Mathematical Problem-Solving Abilities and Chess: An Experimental Study on Young Pupils

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Chess is thought to be a game demanding high cognitive abilities to be played well. Although many studies proved the link between mastery in chess and high degree of intelligence, just few studies proved that chess practice can enhance cognitive abilities. Starting from these considerations, the main purpose of the present research was to investigate the potential benefits of in-presence chess lessons and on-line training on mathematical problem-solving ability in young pupils (8 to 11 years old). Five hundred sixty students were divided into two groups, experimental (which had chess course and on-line training) and control (which had normal school activities), and tested on their mathematical and chess abilities. Results show a strong correlation between chess and math scores, and a higher improvement in math in the experimental group compared with the control group. These results foster the hypothesis that even a short-time practice of chess in children can be a useful tool to enhance their mathematical abilities.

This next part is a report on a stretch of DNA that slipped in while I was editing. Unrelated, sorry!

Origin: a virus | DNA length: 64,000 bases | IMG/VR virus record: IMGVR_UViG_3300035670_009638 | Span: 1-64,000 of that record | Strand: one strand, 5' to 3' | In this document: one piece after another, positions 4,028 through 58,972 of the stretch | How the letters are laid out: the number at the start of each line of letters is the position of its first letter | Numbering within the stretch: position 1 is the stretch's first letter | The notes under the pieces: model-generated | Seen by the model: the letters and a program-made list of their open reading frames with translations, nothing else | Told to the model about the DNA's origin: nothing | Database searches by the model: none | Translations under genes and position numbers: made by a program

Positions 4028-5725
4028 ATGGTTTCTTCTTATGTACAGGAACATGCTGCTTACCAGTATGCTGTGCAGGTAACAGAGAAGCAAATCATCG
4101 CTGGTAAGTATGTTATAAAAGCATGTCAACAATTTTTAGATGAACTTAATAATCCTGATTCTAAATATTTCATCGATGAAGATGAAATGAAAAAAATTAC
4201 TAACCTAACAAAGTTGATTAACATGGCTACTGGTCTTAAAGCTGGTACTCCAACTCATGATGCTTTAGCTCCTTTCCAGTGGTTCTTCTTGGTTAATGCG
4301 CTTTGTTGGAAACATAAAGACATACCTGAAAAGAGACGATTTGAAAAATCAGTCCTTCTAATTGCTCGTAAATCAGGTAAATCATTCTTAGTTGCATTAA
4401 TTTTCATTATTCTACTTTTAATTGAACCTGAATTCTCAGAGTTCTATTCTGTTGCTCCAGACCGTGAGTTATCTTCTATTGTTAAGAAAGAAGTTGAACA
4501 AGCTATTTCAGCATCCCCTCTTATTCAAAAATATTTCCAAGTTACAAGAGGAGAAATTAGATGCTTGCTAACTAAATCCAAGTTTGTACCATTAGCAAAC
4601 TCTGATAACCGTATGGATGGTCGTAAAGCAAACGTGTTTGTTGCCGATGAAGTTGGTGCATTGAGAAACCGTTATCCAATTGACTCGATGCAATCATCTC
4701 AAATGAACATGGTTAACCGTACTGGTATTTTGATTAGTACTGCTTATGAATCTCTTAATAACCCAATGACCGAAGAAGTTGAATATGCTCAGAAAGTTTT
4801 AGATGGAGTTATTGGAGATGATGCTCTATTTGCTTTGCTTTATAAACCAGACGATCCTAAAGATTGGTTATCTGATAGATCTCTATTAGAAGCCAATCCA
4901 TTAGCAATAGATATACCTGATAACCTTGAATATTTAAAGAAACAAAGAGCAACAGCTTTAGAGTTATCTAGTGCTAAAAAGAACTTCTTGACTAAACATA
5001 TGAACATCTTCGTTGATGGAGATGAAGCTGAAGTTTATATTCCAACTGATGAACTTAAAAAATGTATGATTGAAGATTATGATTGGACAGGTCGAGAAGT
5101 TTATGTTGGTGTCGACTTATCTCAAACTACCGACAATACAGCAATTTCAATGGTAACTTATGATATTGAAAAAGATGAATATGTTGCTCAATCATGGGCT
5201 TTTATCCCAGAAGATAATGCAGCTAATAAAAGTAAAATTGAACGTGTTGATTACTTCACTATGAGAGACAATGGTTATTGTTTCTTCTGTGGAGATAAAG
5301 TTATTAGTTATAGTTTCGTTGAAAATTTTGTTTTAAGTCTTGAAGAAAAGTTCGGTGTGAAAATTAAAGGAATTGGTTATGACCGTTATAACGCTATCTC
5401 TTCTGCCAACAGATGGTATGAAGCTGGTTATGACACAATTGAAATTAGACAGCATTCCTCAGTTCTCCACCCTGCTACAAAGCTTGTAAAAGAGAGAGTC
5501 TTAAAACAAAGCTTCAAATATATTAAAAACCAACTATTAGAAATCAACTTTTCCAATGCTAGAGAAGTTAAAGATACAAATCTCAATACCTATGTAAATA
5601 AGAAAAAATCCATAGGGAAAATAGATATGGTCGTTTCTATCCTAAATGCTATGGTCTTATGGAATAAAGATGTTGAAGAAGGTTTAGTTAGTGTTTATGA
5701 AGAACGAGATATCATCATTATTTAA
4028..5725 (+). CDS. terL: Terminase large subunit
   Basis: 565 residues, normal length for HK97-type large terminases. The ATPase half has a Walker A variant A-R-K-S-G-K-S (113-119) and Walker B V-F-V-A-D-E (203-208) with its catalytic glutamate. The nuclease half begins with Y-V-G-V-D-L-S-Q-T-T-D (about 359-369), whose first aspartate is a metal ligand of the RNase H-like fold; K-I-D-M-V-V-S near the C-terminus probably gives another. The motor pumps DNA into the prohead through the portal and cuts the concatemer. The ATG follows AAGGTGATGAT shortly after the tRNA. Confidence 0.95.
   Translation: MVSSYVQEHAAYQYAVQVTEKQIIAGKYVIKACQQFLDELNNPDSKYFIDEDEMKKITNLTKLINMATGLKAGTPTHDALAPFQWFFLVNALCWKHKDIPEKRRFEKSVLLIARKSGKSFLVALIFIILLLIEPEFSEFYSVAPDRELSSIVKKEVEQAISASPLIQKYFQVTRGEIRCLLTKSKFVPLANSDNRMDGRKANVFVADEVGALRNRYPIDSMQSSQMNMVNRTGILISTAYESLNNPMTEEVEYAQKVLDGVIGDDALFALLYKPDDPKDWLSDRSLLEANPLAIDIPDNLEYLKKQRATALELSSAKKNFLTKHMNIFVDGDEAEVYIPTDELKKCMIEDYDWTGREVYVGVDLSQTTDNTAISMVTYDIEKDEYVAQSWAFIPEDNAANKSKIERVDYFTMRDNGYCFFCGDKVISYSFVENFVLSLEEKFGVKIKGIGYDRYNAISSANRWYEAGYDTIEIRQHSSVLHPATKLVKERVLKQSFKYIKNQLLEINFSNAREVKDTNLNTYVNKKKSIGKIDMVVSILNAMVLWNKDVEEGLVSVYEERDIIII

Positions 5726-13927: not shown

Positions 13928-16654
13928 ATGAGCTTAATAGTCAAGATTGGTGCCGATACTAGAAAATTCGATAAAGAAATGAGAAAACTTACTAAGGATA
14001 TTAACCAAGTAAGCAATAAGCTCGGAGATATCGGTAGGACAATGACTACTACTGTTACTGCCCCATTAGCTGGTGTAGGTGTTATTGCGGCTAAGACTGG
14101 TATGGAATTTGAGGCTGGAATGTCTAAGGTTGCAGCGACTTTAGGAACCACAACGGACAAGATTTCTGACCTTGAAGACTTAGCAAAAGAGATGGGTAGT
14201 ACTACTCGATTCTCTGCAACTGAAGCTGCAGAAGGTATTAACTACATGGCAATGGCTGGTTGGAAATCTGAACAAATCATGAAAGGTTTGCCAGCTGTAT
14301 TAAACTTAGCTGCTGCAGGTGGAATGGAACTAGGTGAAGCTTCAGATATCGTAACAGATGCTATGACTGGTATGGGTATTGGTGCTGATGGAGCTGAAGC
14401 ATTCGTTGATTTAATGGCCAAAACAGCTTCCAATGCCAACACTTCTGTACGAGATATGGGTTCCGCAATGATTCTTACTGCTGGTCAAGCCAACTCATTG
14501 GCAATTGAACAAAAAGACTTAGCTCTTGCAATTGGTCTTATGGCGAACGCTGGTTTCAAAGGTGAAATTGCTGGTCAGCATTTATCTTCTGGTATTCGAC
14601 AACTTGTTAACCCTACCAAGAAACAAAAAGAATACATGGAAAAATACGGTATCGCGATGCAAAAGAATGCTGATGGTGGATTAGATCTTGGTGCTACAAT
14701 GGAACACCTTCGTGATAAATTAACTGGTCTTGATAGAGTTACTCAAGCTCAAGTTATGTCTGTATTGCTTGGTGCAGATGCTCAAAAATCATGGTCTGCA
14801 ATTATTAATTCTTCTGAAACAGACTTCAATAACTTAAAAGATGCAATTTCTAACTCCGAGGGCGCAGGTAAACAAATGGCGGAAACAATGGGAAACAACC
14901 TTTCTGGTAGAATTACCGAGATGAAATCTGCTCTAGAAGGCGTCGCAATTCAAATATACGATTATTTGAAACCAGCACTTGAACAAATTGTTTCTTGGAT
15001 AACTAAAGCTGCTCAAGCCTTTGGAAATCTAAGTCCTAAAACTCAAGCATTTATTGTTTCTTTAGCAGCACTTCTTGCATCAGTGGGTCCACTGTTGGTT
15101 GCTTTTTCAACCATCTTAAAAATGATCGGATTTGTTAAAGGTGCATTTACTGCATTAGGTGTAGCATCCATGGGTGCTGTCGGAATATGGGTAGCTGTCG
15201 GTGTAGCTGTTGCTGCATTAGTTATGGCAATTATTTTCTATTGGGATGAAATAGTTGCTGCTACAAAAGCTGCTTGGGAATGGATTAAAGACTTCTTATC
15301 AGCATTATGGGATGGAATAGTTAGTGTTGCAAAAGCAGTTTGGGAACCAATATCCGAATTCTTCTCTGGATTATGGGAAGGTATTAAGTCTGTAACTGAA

Original languageEnglish
JournalSAGE Open
Issue number3
Publication statusPublished - Jul 23 2015


  • achievement
  • applied psychology
  • approaches
  • cognitivism
  • curriculum
  • education
  • education theory and practice
  • educational psychology
  • educational research
  • experimental psychology
  • psychology
  • science, math, and technology
  • social sciences

ASJC Scopus subject areas

  • Social Sciences(all)
  • Arts and Humanities(all)

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